Table 2. Summary of hydroclimatic variables used in regression analyses of human leptospirosis infections in Sichuan, with abbreviations.

Spatiotemporal descriptive analyses

Annual and weekly incidence rates were estimated at the county level using population data for years 2005, 2008, 2010, and 2014 [28], with population sizes at intermediate years estimated by linear interpolation. We mapped county-level yearly leptospirosis incidence and derived timeseries of yearly and weekly leptospirosis incidence. Exploratory analyses were conducted using the R statistical software [35], and results were plotted using the ggplot2 library [36]. We used spatial Poisson scan statistics to detect high incidence rate clusters over the full study period, and ran spatiotemporal scan statistics to detect yearly clusters, testing the membership of individual counties in the detected clusters using Oliveira’s F statistic, as implemented by SaTScan [3739]. To explore the seasonality of leptospirosis incidence, we fit time series of weekly case counts to a cubic B-spline wavelet, used to achieve optimal time-frequency localization [40]. Amplitude, timing and duration of the spline were estimated using least squares. In order to explore spatiotemporal variation in leptospirosis seasonality, we separately fitted cubic B-spline wavelets to weekly counts of cases in each 0.5° latitude band and each year.

Analysis of hydroclimatic risk factors

In the interest of investigating mechanisms of leptospirosis transmission driven by precipitation at various timescales (Table 1), we fitted distributed lag quasi-Poisson log-linear models to county-level incidence data at annual and weekly resolutions for all years in which both incidence and hydroclimatic data were available (2004–2012). Due to the highly clustered nature of leptospirosis incidence in time and space (Fig 1A and 1D), only counties reporting at least one case during the study period (99 counties of 181 counties in Sichuan) were included in regression analyses, and only weeks within the time period from August to October, when leptospirosis cases occurred, were included in the weekly model. This model formulation results in a distribution of counts of cases with a lower bound of 0, when no case occurred in that county in a given year or week. Quasi-Poisson regression was chosen to accommodate potential overdispersion in the count data.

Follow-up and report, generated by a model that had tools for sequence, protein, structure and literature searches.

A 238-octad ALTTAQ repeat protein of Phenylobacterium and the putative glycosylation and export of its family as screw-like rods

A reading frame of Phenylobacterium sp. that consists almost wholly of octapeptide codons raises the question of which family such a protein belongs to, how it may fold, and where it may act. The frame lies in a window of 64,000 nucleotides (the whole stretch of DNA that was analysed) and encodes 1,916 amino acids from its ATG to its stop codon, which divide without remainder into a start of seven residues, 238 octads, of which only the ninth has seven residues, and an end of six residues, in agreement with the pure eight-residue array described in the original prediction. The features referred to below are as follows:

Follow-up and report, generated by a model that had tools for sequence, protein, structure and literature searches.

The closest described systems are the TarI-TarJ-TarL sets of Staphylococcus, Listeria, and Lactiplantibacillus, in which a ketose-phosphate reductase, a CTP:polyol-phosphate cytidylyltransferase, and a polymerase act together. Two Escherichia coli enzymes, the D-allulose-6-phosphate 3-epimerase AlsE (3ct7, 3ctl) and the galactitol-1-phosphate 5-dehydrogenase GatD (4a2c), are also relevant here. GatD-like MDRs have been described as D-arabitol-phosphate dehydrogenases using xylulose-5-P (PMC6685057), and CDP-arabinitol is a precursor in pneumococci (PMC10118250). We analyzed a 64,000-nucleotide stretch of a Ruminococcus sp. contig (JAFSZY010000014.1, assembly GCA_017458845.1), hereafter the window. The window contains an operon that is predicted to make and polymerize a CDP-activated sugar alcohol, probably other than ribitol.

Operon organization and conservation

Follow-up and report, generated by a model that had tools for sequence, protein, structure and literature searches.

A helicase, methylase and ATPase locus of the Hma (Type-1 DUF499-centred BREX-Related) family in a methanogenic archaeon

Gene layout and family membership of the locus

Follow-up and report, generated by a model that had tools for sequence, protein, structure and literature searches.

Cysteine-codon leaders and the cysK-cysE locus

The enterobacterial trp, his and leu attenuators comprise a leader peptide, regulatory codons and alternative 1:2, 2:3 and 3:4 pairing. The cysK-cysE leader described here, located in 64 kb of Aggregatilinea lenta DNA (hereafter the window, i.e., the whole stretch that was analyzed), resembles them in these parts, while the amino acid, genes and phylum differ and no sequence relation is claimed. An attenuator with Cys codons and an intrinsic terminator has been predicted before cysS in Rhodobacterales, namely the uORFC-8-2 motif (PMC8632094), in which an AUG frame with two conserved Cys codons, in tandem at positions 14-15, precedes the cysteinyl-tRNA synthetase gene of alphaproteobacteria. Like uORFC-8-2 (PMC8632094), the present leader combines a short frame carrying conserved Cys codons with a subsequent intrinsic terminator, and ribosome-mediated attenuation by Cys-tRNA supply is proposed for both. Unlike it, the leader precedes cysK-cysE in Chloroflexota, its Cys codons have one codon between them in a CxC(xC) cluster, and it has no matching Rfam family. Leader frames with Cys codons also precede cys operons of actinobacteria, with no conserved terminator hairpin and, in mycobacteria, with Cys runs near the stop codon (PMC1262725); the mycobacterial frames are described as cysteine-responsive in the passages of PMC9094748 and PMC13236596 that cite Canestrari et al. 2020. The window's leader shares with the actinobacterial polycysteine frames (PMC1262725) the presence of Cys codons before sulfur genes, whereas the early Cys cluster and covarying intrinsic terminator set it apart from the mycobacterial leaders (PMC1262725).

Fig 1. Spatial and temporal distribution of leptospirosis incidence in Sichuan, 2004–2014.

A: Mean yearly leptospirosis incidence by county, aggregated over the study period. This map was generated using data provided by Sichuan CDC for the purpose of this study, and plotted in R statistical software using ggplot2. B: Time series of yearly incidence in Sichuan. C: Time series of yearly incidence within the 2 high-risk clusters. D: Time series of weekly incidence in Sichuan. E: Time series of weekly incidence in Sichuan, with a focus on seasonal peaks.

Expected counts of cases yi,t in county i and time t were modeled in relation to rainfall, soil moisture, and minimum temperature at multiple lags via a logarithmic link function: (1) where log(Ni,t) is an offset accounting for the total population in county i at time t; is a county-specific fixed effect accounting for heterogeneity in average risks across counties; and the effects of environmental predictors Xi,t−l are estimated at all relevant lags l via coefficients βl. Following literature review regarding lags along pathways linking precipitation and leptospirosis transmission, and preliminary cross-correlation analyses between precipitation and leptospirosis cases, the maximum lag, lmax, was set to one year in the yearly model, and to 15 weeks in the weekly model. Additionally, in the weekly model, we included a cubic regression spline with two degrees of freedom on study week to control for variable seasonality in disease risks, constrained so that the time spline is zero before and after each incidence season. This provided a level of flexibility sufficient to capture variability in the timing and magnitude of incidence across transmission seasons. During model construction, covariates of interest were screened based on pairwise correlation coefficients and generalized inflation factors [41] to determine which sets of covariates yield interpretable parameter estimates without excessive multicollinearity when included in the same model (S1 Text).

Results are presented as incidence rate ratios (IRRs) and associated 95% confidence intervals (CIs) corresponding to an increase in exposure equivalent to the variable’s interquartile range. IRRs and CIs were estimated from the quasi-Poisson regression using a robust sandwich estimator [42,43]. Cumulative effects of hydroclimatic exposures over all lags examined were calculated using the package dlnm [44]. To examine the potential for soil moisture to mediate precipitation’s influence on leptospirosis incidence, we applied the difference method and examined changes in regression parameters that would be indicative of mediation [45].